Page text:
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United Nations Daily Highlights, 97-09-30

United Nations Daily Highlights Directory - Previous Article - Next Article

From: The United Nations Home Page at <http://www.un.org> - email: unnews@un.org

DAILY HIGHLIGHTS

Tuesday, 30 September 1997


This document is prepared by the Central News Section of the Department of Public Information and is updated every week-day at approximately 6:00 PM.

HEADLINES

  • Security Council members express concern at a possible internationalization of conflict in Congo-Brazzaville.
  • Security Council members welcome UN Secretary-General's initiative to convene meeting on Afghanistan.
  • UN Secretary-General strongly condemns recent brutal massacres in Algeria.
  • UN Secretary-General says every effort will be made to assist least developed countries.
  • President of Tajikistan says reform must strengthen United Nations peacemaking mechanisms.
  • Brunei Darussalam Foreign Minister says Secretary-General should ensure UN continues to help ordinary people.
  • Foreign Minister of Trinidad and Tobago welcomes UN Secretary- General's proposed reforms.
  • Deputy Foreign Minister of Mauritius says General Assembly agenda should not be dominated by the strong.
  • Lesotho supports Secretary-General's initiative to unify all UN funds and programmes involved in development.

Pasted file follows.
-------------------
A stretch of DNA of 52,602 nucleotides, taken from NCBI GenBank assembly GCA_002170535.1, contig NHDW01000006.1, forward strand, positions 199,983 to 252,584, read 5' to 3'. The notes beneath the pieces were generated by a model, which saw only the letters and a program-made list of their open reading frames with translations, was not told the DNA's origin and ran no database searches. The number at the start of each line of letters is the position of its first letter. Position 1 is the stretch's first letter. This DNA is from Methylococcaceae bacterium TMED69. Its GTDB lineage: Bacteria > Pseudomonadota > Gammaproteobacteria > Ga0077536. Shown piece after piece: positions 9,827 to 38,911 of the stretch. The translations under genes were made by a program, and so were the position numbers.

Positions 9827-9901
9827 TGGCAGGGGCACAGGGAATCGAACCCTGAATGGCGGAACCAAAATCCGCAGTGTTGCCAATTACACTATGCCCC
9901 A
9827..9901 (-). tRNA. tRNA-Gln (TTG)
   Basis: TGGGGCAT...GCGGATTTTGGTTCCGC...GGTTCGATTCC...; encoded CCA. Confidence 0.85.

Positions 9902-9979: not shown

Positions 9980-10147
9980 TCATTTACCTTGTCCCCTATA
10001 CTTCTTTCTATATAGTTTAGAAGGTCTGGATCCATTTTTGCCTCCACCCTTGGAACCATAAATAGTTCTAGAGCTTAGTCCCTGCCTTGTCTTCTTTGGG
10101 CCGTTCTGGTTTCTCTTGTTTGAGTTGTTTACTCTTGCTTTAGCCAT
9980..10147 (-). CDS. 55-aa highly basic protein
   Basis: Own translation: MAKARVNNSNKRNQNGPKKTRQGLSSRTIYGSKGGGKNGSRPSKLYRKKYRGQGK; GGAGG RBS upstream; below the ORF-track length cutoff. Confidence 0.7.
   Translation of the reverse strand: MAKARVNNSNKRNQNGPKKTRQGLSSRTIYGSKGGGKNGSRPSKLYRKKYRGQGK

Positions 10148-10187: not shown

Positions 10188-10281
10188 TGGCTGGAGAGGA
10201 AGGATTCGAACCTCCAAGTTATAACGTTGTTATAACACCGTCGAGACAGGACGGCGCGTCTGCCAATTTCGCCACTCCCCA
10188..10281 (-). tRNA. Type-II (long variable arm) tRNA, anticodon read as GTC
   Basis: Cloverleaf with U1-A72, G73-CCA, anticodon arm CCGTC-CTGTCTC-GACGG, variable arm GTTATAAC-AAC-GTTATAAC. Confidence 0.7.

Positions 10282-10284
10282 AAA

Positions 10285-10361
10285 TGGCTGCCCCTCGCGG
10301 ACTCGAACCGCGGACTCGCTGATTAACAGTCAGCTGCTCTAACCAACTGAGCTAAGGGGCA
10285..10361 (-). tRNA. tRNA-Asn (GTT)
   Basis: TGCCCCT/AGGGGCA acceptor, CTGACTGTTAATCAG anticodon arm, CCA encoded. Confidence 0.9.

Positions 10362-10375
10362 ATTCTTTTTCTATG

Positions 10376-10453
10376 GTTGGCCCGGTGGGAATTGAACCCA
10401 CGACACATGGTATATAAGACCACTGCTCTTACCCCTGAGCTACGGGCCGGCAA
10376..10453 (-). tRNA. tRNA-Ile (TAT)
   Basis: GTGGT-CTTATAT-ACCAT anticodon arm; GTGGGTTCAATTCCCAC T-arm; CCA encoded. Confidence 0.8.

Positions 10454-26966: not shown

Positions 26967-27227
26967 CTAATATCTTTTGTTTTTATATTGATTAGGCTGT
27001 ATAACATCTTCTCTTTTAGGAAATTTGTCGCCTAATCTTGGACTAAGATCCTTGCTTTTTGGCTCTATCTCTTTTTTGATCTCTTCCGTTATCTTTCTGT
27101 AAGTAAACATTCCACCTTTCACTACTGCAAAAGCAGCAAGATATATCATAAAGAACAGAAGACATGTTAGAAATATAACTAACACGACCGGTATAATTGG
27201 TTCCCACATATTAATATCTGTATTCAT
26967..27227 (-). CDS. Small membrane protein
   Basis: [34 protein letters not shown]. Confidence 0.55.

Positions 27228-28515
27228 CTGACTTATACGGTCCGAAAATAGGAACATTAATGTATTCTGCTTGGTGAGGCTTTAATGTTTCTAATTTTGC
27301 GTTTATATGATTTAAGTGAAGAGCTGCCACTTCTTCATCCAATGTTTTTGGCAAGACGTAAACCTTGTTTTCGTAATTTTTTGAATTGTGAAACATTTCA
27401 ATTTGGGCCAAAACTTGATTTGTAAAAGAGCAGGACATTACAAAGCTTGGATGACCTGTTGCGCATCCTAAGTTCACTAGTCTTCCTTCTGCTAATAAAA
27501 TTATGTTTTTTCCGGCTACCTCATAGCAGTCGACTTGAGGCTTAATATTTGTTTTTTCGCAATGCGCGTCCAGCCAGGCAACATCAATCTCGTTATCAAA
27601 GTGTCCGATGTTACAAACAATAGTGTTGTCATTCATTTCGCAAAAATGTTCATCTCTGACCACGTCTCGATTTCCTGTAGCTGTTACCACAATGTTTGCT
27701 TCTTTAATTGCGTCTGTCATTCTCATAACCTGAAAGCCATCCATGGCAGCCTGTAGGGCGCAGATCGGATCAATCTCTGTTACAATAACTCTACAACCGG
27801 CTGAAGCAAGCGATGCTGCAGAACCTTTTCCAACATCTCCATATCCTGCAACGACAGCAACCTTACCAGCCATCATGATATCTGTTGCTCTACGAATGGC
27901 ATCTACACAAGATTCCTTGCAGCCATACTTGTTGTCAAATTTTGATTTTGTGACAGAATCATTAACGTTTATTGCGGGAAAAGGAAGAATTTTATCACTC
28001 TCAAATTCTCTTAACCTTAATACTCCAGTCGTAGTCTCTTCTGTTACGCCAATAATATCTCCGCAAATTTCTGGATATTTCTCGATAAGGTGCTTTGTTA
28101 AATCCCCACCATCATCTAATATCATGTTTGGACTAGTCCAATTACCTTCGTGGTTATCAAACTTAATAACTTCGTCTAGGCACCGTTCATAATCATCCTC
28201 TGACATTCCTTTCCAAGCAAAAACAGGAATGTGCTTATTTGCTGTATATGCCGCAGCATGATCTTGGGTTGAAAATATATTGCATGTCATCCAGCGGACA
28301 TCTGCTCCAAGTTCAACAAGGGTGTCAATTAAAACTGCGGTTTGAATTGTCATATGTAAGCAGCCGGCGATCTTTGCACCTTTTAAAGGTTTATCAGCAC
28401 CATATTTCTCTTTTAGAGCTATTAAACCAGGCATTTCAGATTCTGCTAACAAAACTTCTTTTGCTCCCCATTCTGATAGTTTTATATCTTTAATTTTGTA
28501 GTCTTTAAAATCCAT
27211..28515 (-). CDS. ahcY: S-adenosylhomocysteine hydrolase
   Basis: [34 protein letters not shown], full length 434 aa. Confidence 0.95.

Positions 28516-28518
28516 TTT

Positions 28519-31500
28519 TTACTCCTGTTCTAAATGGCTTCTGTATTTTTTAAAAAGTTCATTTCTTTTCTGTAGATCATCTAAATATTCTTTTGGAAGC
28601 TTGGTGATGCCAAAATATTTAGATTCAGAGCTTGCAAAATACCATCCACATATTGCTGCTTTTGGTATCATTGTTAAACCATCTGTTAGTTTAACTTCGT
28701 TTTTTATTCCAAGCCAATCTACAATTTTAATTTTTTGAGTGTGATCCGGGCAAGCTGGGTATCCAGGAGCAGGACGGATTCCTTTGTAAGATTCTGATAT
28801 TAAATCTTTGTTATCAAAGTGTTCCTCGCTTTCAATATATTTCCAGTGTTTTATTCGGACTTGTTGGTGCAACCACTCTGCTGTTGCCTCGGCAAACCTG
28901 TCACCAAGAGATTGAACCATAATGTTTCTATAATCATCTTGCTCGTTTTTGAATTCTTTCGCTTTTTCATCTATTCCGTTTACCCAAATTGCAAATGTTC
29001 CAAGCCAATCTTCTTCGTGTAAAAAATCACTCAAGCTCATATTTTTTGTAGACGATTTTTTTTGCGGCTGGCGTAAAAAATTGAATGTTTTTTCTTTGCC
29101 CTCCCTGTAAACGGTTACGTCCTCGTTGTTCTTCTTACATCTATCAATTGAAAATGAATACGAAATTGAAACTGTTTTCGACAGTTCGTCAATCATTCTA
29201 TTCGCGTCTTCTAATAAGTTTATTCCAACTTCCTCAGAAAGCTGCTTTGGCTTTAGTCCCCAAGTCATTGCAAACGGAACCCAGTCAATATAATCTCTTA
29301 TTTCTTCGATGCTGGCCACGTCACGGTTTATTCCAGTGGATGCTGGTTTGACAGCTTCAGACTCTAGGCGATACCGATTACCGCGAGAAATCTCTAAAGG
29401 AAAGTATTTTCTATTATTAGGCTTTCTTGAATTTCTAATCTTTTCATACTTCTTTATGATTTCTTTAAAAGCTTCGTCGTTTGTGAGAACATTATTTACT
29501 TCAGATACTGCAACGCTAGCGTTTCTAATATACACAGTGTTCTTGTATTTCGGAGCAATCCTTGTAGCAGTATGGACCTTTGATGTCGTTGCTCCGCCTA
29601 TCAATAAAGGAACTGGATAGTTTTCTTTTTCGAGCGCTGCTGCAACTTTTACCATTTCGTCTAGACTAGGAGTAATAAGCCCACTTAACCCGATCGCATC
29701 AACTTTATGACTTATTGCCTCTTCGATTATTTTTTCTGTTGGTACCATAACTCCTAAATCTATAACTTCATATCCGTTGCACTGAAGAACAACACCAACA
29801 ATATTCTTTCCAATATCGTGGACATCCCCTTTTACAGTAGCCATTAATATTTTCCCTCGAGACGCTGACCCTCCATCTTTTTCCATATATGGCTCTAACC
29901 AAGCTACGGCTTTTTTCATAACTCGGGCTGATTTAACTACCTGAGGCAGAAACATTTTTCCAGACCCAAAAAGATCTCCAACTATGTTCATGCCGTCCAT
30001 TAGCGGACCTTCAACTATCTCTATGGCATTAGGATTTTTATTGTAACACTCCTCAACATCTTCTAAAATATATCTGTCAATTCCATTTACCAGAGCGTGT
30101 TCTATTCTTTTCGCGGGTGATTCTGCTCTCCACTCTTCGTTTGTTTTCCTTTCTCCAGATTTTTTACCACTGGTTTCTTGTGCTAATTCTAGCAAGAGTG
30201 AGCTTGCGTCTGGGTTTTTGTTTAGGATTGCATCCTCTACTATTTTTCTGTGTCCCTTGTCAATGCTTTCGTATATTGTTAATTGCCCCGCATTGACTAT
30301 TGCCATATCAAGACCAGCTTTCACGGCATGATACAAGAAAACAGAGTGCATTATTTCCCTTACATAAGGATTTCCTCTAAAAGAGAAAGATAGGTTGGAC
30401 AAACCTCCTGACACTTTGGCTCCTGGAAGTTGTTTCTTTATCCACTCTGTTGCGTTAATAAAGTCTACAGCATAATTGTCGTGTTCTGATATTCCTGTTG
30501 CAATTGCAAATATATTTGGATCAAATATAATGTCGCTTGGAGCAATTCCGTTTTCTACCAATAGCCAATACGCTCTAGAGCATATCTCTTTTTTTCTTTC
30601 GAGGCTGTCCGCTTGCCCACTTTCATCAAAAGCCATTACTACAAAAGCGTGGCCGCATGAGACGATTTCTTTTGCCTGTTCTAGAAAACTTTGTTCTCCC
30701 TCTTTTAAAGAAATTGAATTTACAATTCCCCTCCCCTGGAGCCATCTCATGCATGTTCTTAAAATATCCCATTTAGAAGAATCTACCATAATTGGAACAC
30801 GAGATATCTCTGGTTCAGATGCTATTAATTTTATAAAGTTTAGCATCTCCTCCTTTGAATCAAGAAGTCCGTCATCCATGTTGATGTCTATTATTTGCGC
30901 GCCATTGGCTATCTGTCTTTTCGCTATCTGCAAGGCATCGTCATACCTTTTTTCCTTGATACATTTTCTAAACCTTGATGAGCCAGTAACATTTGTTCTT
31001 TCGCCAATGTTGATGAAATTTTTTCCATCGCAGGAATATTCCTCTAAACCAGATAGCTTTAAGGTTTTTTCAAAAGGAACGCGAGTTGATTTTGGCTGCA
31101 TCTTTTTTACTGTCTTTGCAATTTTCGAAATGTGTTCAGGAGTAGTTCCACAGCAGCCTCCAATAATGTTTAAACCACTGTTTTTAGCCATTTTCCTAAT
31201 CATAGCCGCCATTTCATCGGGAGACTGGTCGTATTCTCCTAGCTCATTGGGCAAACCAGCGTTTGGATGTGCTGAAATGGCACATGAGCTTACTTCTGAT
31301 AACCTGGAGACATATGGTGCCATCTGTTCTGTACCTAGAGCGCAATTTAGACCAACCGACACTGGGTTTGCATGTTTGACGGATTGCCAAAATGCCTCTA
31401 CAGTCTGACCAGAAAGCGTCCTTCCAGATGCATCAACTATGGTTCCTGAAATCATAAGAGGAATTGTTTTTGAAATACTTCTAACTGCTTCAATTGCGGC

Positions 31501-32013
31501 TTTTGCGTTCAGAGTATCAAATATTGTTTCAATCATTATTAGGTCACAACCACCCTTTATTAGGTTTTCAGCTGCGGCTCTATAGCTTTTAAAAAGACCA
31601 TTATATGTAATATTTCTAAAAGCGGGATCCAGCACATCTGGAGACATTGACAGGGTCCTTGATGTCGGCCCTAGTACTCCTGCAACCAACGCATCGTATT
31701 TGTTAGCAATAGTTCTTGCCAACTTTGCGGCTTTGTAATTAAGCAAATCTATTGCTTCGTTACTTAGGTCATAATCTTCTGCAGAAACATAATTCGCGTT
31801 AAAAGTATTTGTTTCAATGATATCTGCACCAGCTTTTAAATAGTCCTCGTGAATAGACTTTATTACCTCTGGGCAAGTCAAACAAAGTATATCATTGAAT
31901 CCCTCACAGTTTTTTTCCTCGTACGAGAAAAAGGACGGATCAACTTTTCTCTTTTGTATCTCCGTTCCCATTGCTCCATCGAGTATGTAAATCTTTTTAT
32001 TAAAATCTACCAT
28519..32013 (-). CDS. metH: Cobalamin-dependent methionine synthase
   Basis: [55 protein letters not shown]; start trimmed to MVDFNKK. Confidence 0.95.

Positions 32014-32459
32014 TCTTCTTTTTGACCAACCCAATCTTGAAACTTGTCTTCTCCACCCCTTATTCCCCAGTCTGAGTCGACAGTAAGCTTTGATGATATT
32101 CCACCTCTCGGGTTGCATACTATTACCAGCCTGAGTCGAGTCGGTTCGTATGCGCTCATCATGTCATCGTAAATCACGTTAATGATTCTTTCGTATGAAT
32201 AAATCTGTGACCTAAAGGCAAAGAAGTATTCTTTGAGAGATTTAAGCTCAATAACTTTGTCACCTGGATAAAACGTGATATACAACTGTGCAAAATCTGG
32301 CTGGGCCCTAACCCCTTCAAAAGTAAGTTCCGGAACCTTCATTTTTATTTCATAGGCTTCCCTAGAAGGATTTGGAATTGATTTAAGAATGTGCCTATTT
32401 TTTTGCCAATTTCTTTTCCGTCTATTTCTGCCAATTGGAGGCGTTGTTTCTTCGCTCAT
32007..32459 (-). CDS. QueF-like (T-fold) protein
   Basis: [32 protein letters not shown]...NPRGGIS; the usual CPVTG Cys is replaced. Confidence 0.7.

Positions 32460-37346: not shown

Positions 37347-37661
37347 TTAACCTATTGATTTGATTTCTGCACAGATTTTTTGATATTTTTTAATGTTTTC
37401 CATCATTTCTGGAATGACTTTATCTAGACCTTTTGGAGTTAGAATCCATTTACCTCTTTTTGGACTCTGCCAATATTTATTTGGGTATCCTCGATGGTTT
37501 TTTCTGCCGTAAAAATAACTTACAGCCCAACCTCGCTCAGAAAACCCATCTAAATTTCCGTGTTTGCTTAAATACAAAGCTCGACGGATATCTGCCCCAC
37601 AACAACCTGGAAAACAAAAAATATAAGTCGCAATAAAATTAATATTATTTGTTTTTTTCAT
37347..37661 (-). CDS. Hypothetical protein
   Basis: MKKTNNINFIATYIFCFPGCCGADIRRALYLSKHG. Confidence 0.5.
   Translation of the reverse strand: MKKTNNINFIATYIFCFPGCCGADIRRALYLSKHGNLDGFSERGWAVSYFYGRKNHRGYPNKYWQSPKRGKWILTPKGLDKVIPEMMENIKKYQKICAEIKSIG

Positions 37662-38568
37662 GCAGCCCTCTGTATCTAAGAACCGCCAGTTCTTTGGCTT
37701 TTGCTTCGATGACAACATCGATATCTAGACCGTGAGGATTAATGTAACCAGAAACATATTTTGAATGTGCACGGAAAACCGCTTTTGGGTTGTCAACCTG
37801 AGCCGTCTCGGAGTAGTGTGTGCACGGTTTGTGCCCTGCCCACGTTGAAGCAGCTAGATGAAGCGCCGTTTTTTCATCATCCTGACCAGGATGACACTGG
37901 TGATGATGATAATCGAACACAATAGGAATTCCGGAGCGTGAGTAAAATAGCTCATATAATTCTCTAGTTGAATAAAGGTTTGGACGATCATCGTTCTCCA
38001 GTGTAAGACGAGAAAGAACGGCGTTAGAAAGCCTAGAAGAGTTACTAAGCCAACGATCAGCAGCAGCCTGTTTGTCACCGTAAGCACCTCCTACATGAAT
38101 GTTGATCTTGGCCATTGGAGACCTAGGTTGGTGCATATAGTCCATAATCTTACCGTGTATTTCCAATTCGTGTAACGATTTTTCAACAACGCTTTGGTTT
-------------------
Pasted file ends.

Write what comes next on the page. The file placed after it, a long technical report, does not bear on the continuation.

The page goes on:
• Supporting proposed reforms, Liechtenstein's Foreign Minister says Deputy Secretary-General should be a woman.
  • Kazakhstan's Foreign Minister supports Secretary-General's reform proposals "in times of change".
  • Libya's Ambassador says his country's experience with Security Council demonstrates the need to reform it.
  • Niger's Foreign Minister says reform should give UN the synergy, means and flexibility needed to meet challenges.
  • Foreign Minister of Uruguay says General Assembly should be able to limit veto of Security Council members.
  • Indonesia's Foreign Minister says reform should not be an excuse for certain Member States to avoid paying dues.
  • Bahrain's Foreign Minister calls for more United Nations involvement in non-political matters.
  • Secretary-General's reforms should not be seen only in terms of finances, Armenia's Foreign Minister says.
  • Tunisia's Foreign Minister says Africa should have two rotating permanent seats on a reformed Security Council.
  • Foreign Minister of Bulgaria says Eastern Europe should get a permanent seat on reformed Security Council.
  • Turkmenistan's Foreign Minister says UN reform should be radical but should not be total overhaul.
  • UN human rights mission in Guatemala reports "disturbing factors" including violations by public officials.
  • Committee on Rights of Child concerned about involvement of children fighting in Uganda.
  • Special Rapporteur on human rights recommends removing former Yugoslav Republic of Macedonia from her mandate.